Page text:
Shockwave Therapy (SWT)?
Originally implemented for the treatment of kidney stones, Shockwave therapy is now effectively utilised for the treatment of a range of chronic tendon, bursa and musculoskeletal conditions.
How does Shock Wave Therapy work?
For a comprehensive description as to the workings of shockwave therapy can be found at https://www.shockwavetherapy.eu/subpage#mechanism-of-action
At Wellsure, shockwave therapy is performed either by a sports therapist (Helen-Marie) or Chiropractor (Cade Sutherland) whom have both underwent additional training in the specific use of ShockWave Therapy.
The Shockwave treatment session optimises between 1500-3500 pulsed shockwaves towards the sourced area and each shockwave sessions lasts between approximately 4-8 minutes. Most patients report some relief in pain levels immediately after therapy; other cases can require up to 5-6 sessions to attain a more significant relief in pain levels.
Our therapist will also most likely provide the following:
- Additional Physitrack rehabilitation exercises delivered via the physitrack APP.
- Additional advise to help maximise the results from the session.
Shockwave Therapy- Common Conditions Treated:
Tendon related Conditions:
- Adhesive capsulitis Or Frozen shoulder (1)
- Finger tenosynovitis (2)- Trigger finger.
- Patella tendinitis/ Jumpers Knee
- Glenohuemeral (Shoulder) Calcific tendinitis.
- Plantar fasciitis
- Osgood Schlatters disease (6)
- Golfers and Tennis Elbow
- Achilles (back of the ankle) tendinitis
- Trochanteric pain syndrome (Hip Tendinopathy/ Bursitis)
Shockwave Therapy may also help with the following presentations:
- Heel Spurs and Plantar Fasciitis: During a recent study, a review of eight different types of treatment for plantar fasciitis concluded that shockwave therapy ranked number one for best outcome and was considered “optimal treatment” (11). Another similar study concluded that combining shockwave therapy with a Therapist-guided stretching has been proven to deliver clinically superior outcomes for plantar fasciitis sufferers (10).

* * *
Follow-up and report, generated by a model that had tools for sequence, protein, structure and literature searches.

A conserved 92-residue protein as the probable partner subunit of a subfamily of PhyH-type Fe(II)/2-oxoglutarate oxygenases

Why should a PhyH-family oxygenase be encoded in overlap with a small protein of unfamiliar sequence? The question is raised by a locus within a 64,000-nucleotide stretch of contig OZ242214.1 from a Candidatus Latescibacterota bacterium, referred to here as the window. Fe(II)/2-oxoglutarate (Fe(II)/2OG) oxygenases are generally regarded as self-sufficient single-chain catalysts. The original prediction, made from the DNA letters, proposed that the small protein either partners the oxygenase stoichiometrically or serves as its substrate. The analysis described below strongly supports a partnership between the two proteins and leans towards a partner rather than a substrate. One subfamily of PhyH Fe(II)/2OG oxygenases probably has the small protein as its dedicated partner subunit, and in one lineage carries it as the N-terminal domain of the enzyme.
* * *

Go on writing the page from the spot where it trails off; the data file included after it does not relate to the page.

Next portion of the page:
- Achilles Tendinopathy: Shockwave therapy trials have confirmed excellent results with decreasing pain and increasing Achilles function compared with either shockwave therapy or exercises in isolation (12).
- Golfers and / Or Tennis elbow: Shockwave therapy is clinically proven (5) to reduce pain, improve function in patients with tennis elbow and is proven to be as effective as a steroid injection (13).
- Glenohumeral (Shoulder) Calcific Tendinitis: A Clinical study utilising shockwave therapy for the treatment of shoulder calcific tendinitis showed good to excellent results in 87.9% of shoulders treated. Among shockwave patients, calcium deposits were completely eliminated in 21.2% and partially eliminated in 36.3% (7).
- Medial Tibial Stress Syndrome (Shin Splints): A clinical trial showed that 40 of 47 shin splint sufferers were able to return to their preferred sport at their pre-injury level after 15 months, versus only 22 in a control group (8).
- Hip – Greater Trochanteric Pain Syndrome: A randomised controlled clinical trial of 229 people showed shockwave therapy was significantly more successful than steroid injection (9).